Thursday, March 26, 2009
Not a lot to write about this week. We did get all of our corn seed delivered.
Planter is ready to go but calendar and 10 day forecast both tell me to chill out for the next couple week at least. Some early birds have gotten out and worked some end rows or put down Anhydrous on some drier fields, but usually not much happens around here before April 1. After that is will be crazy as always. Personally I am trying to get a bit ahead on my day job work so that when fieldwork time comes I can minimize planting interruptions, that always makes me a bit nervous around planting and harvesting time.
Next week I will probably get the disk out ready to close some gulleys if it gets dry. Not much shop work remaining.
Friday, March 13, 2009
Grain markets moved up nicely this week as I sold 25% of what was left from last years corn. Hoping that sparks a rally for the rest of it, if past history hold my sales usually do.
This next week I plan to purchase the fuel we will use for this year, a little over 1,000 gallons. It is nice to see it so much cheaper than last year, and it reminds me of one of the benefits of being no-till. I would hate to be buying two or three times as much.
I am starting to see more seed being delivered around the country-so while it may not feel like it we all know that less than a month from now there will be tractors rolling in Central, Il.
I am down in St. Louis for a couple days and saw some ground had been worked today.
Monday, March 9, 2009
They say in the spring a young man’s heart turns to thoughts of love. The warm weather this weekend had this farmers heart turn to thoughts of planting.
It is really little too early to think of planting in our area but a couple days in the 60s and 70s has one thinking. Crop insurance won’t cover any corn planted before April 6, and the fields are still well soaked. I have a date of April 13th in my head to start planting, let’s see if the weather cooperates. The warm weather allowed the girls and I to get out on the 4 wheeler and had a lot of fun scouting the new farm this past week. Given how much bean stubble we had last year (beans erode much easier than corn) I would say that both farms are in very good shape. A few minor eroded spots will be need to be worked closed before planting but nothing major.
I took advantage of the warm weather this weekend and the driveway received a much needed layer of gravel and I borrowed a neighbors scraper to get it really nice and smooth. The planter rebuild project from the winter was wrapped up sooner than expected so I finished putting a new boom on the sprayer as that was problematic last year. And found some time to put a new interior in the lower part of the planter tractor. Hopefully that will quiet it down enough so I don’t have to have the radio blaring to hear it.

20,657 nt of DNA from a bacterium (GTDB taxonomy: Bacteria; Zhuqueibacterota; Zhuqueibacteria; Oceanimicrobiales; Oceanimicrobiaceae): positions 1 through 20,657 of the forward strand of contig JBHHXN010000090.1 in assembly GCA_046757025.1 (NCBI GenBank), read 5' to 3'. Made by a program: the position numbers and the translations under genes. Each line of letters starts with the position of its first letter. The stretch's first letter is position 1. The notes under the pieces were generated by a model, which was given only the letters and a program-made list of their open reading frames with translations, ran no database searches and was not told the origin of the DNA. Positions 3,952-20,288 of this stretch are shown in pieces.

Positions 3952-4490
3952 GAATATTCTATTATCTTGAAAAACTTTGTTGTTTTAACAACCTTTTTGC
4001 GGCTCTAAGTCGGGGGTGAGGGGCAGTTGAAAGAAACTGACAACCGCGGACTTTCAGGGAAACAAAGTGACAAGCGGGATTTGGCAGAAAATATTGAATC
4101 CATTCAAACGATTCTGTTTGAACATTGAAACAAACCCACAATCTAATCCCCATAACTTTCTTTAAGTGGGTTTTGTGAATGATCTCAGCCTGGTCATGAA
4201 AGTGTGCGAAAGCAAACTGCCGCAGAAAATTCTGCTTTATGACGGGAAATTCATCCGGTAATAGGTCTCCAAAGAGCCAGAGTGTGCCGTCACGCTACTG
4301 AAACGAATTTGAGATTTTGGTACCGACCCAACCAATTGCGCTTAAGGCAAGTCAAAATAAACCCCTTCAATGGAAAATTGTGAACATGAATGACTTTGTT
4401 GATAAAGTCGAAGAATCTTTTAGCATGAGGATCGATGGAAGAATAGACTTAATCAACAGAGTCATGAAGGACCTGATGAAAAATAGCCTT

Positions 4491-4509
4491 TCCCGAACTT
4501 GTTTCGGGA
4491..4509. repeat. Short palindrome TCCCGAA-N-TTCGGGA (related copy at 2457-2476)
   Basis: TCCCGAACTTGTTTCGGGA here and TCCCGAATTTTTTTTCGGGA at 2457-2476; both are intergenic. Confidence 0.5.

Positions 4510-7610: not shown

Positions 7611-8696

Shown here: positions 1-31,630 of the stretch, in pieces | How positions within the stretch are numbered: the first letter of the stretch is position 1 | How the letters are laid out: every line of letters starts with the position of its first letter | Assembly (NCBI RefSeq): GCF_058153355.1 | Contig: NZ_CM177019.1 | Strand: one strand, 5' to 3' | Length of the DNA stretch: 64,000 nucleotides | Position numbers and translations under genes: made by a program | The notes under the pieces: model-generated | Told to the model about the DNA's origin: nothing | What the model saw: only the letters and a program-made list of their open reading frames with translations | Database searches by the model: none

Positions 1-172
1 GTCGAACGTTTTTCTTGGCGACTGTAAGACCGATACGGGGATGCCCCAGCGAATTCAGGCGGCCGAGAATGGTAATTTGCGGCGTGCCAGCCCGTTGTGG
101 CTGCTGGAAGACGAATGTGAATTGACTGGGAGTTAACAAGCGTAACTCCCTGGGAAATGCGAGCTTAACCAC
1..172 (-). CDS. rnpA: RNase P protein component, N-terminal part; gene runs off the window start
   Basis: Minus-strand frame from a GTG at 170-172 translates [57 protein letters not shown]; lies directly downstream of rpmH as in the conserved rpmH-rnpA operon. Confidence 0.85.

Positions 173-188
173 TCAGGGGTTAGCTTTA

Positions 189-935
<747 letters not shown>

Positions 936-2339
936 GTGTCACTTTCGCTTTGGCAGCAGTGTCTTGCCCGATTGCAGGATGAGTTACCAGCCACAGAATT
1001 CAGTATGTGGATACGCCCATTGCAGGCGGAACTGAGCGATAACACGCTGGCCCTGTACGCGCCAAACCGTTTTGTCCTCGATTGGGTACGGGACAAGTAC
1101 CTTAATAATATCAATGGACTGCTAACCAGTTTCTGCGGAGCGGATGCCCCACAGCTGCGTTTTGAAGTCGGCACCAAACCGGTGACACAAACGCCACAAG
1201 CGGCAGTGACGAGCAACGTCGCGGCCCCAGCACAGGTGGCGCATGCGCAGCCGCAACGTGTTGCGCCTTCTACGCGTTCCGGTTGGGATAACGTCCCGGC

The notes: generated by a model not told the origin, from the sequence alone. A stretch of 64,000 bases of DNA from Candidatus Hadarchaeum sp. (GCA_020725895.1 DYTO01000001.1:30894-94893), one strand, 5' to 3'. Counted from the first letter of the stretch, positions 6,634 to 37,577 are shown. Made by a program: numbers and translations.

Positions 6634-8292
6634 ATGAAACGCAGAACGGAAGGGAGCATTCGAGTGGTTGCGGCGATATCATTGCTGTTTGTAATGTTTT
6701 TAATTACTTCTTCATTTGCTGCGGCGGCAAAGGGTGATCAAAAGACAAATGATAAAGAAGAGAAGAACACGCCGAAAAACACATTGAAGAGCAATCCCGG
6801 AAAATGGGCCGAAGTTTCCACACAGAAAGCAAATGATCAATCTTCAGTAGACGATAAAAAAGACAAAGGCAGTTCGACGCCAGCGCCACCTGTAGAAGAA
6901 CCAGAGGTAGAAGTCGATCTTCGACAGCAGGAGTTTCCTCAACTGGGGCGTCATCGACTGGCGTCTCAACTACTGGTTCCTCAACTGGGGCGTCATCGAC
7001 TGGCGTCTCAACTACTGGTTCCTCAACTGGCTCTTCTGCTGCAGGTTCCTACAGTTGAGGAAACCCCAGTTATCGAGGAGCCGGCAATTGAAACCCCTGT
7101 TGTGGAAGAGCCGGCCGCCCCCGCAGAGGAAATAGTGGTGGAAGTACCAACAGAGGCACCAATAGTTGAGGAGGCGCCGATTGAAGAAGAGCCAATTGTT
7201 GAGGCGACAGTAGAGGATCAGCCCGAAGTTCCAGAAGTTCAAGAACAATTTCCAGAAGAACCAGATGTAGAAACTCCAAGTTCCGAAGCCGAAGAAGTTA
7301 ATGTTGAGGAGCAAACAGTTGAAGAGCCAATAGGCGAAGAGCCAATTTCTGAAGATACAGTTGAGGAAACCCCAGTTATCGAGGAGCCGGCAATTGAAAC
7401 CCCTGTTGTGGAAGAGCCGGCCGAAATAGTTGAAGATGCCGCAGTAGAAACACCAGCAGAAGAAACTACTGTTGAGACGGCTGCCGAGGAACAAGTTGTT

Crop insurance deadline for sign up is March 16, I had my appointment last week. Having only been farming 5 years this I am starting to realize how good the last few years have been. I had an older famer once tell me that in every 10 years you will lose money two times, make a lot of money two times, and make a little the other six. This is the first year where my insurance will not cover the cost of production-so in that aspect it is a little scary. The main reason is the high price of fertilizer and seed that I purchased last fall, it sure would have been a lot cheaper had I waited until spring. Grain markets are starting to go up a little the last couple days, and hopefully are finally separating from the downward spiral of the stock market, it that trend continues I know a lot of farmers will be breathing easier and have a lot more fun putting in a crop for which there is a positive payout.I know in a month things are going to get really busy-so in the next couple weeks I am going to really try to spend some extra time with the Julie and the kids.
Tuesday, March 3, 2009
Small Grain Farm Blog
This is the first entry in the Butler Farm 2009 Blog. This blog will follow our corn and soybean farm operation throughout the year. We will detail what is being done each week, post pictures when helpful, and generally try to keep those interested in the issues involved in running a small midwest grain farm.
Just the facts:
Approximately 400 acres
No till operation-more on this at a later time
2009 crops will be 290 acres of corn and 110 acres of beans
About the farmers:
Paul & Julia Butler http://www.paul-julia.com
Years Farming: 2009 will be 5th crop
Biggest Issues Concerning us for 2009:
Crop Prices and Input Costs
Legislation that could negatively impact Agriculture
Still being relatively new to farming we have a lot to learn, but will use this weekly blog to share some of the issues encountered the last few years as we compare this year as it progresses.